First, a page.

The collective leadership system
Wang Chunxi and Ren Chan, in an article on collective leadership published in China in 2016, divide the political areas affected by this leadership practice into six different categories. In their words, the collective leadership is a system consisting of six central political 'mechanisms'. It is useful to go through what these six mechanisms consist of in order to gain an understanding of how broad the collective leadership is considered to be in the Communist Party. Achieving consensus on a matter in the Standing Committee of the Politburo is just the pinnacle of a larger set of norms of collective governance. They include:
- The collective way of transferring power from one leader to the next. The current leader no longer has the right or opportunity to pick the next leader. This choice is made based on consensus at the top and approval from the wider party leadership.
- The collective set-up in the party organisation. There is currently a particular way of dividing responsibilities between collective and individual tasks in the CCP organisation.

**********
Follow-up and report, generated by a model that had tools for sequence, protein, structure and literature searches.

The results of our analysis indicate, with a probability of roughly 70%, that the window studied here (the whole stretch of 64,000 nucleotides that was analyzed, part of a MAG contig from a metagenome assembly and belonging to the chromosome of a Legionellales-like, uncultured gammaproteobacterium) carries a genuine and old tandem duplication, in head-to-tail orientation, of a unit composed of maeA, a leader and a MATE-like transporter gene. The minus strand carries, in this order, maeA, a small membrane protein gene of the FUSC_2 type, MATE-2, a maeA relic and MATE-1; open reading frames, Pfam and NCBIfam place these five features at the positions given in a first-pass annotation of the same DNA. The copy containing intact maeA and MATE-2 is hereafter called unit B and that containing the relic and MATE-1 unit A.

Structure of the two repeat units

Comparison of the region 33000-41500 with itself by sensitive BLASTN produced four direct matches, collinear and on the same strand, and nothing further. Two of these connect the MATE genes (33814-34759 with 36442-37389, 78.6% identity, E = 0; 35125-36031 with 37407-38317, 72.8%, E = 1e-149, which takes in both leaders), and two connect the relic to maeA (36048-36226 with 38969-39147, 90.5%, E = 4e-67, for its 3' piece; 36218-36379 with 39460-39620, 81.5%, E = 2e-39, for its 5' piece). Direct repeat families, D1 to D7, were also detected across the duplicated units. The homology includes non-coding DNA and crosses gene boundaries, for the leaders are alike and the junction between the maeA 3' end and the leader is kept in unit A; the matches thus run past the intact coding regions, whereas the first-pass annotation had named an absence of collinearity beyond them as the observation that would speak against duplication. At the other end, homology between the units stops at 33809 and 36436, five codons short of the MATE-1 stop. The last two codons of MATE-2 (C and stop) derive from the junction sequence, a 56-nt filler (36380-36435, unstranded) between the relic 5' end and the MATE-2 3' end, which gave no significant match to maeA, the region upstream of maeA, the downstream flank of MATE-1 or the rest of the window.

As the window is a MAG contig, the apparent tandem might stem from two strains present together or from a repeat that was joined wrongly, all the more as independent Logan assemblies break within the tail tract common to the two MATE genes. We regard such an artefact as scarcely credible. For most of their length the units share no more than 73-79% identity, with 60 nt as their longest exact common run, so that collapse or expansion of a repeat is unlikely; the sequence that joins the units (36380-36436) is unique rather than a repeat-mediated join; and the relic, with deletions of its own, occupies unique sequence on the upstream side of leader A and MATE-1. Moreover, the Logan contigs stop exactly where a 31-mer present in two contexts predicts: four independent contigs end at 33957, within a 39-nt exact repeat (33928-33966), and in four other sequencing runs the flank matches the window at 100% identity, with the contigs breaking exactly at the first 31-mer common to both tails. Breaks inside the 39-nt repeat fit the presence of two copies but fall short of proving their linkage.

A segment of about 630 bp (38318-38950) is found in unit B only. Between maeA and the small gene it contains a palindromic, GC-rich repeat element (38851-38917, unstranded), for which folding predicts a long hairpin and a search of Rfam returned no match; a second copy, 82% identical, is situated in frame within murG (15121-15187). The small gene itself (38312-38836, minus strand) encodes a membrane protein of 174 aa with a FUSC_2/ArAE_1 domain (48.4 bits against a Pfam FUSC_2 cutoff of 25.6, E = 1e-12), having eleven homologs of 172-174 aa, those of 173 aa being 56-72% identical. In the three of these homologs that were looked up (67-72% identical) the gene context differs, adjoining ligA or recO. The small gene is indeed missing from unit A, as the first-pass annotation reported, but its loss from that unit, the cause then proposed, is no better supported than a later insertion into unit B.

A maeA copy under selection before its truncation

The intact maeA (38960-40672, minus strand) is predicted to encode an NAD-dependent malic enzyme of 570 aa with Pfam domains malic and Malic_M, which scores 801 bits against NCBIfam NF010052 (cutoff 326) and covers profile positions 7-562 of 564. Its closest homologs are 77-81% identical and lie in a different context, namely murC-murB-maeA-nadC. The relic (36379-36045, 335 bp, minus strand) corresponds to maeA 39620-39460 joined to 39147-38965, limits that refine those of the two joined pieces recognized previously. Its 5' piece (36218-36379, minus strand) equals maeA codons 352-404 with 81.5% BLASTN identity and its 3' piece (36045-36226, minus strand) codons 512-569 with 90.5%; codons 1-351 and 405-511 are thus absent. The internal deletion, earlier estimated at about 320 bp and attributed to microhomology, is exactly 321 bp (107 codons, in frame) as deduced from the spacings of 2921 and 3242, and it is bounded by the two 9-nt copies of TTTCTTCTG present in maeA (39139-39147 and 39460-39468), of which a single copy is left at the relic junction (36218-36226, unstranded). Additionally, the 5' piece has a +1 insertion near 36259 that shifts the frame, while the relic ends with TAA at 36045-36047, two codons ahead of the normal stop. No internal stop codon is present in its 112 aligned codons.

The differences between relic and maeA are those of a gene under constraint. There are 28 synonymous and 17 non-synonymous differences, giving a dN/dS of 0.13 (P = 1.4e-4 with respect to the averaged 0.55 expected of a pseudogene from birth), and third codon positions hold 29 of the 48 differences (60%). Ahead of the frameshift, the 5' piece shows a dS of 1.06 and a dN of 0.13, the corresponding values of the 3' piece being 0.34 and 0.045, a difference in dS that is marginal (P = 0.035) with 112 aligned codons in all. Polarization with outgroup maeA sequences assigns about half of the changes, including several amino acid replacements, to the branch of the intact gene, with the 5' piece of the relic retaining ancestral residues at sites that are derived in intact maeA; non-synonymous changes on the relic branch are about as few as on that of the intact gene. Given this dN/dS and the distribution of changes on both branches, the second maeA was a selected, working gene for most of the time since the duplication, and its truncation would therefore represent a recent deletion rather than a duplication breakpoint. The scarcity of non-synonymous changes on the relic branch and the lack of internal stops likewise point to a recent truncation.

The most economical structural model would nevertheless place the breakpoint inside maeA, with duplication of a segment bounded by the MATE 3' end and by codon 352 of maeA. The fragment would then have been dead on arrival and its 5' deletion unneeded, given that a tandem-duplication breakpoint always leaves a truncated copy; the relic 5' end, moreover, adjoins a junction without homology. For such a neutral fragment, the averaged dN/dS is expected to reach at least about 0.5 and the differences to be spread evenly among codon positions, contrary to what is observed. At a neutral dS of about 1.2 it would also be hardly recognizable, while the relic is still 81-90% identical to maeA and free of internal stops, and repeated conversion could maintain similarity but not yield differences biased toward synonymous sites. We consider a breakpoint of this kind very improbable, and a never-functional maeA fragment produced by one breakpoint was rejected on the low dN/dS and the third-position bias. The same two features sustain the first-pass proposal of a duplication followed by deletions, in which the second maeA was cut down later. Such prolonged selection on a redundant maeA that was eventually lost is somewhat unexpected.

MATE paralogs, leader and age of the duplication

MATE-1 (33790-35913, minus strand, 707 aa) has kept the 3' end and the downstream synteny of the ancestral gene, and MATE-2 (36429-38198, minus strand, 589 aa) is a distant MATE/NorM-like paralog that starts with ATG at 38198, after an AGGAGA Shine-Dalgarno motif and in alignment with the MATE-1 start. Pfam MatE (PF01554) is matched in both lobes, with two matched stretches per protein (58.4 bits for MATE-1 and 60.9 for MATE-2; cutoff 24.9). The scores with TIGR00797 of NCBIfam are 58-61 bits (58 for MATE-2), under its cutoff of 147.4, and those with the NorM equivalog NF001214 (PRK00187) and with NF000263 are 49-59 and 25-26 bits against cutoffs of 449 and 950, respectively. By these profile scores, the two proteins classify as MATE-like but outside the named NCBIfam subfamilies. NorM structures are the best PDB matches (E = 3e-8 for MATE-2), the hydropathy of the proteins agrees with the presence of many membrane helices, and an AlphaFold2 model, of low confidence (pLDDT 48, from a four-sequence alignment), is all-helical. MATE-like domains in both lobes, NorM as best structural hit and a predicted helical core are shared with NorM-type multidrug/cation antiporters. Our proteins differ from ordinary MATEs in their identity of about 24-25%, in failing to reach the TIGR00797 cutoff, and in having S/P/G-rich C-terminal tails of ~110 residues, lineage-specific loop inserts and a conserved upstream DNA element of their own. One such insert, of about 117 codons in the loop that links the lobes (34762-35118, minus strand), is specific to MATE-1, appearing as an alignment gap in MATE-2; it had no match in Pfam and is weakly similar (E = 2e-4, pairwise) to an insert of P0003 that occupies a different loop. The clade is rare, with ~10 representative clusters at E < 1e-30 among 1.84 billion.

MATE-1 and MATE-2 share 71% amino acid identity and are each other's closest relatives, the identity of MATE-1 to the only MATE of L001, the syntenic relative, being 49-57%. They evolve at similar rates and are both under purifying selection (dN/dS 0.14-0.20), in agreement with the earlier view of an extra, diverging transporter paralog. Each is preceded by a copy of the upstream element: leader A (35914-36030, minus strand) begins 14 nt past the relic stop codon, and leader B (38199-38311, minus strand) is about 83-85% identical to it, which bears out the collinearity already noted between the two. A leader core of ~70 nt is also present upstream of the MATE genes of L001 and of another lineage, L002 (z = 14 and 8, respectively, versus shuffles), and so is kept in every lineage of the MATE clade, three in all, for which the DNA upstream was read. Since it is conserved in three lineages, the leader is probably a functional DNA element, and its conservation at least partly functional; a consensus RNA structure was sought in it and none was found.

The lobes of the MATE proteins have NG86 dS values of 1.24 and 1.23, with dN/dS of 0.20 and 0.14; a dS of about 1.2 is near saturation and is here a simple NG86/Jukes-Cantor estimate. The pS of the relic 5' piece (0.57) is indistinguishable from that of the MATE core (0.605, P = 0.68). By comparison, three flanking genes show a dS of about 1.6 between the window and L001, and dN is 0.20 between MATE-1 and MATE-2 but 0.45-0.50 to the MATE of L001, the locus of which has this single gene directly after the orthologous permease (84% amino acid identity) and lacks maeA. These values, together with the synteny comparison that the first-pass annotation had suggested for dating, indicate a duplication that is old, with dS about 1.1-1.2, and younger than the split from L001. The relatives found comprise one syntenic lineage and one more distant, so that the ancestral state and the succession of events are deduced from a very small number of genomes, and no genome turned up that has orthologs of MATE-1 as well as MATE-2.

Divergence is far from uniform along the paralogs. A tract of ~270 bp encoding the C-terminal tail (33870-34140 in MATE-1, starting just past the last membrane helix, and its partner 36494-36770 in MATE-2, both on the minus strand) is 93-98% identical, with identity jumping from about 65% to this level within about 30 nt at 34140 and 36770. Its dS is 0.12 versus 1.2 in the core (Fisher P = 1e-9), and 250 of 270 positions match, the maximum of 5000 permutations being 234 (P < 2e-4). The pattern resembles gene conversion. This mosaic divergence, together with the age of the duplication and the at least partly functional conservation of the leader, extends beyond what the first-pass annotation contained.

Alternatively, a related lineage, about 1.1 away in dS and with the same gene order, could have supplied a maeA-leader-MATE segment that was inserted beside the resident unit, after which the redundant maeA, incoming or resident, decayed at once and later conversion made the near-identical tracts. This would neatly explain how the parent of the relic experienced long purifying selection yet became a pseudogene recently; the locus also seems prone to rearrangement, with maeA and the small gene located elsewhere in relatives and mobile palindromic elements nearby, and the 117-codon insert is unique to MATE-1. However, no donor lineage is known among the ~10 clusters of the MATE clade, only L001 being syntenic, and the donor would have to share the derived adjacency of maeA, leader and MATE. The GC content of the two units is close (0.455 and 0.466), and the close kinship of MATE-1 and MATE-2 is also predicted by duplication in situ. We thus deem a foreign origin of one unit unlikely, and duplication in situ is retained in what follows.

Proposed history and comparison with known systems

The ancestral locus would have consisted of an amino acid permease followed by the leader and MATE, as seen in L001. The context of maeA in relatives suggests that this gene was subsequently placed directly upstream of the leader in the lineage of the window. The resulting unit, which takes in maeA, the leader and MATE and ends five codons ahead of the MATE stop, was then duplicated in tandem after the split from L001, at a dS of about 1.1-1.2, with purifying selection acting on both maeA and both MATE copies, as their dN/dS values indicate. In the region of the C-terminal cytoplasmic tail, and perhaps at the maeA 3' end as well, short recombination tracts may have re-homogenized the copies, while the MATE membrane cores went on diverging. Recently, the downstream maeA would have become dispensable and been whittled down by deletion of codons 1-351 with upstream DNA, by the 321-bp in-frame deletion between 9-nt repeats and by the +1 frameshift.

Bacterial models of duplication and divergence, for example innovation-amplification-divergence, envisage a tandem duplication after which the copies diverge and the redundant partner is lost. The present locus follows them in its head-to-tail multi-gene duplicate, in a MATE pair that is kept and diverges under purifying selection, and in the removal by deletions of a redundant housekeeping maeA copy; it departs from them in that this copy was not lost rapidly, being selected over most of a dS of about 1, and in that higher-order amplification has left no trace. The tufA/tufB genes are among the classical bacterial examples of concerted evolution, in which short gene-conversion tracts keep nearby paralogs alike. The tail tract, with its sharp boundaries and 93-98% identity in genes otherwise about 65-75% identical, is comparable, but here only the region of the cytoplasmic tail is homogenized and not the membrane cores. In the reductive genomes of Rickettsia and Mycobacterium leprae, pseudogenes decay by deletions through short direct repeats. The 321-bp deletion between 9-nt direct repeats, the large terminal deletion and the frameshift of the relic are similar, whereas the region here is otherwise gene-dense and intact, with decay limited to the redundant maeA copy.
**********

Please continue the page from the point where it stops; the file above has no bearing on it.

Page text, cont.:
- Collective study sessions for and by the CCP leadership. As an example, Wang and Ren mention that between 1994 and 2002 there were 12 collective study sessions on issues of law and order, often twice a year.
- Collective gathering of information. The collective leadership principle prescribes regularised background research, inspections and consultations before the party platform is formalised. For example, it takes around one year to draft the most important party documents. These documents are the result of a series of meetings involving deliberation with, and reports from, other levels of the party as well as among central leaders.
- Policy decisions. The top authority in the CCP is the Standing Committee of the Politburo. This is currently a seven-member body, and it needs a consensus or majority among these seven members to reach valid policy decisions.
- Internal supervision. It is the task of the collective to supervise its own members, and the individual is continuously under the watch of the collective leadership.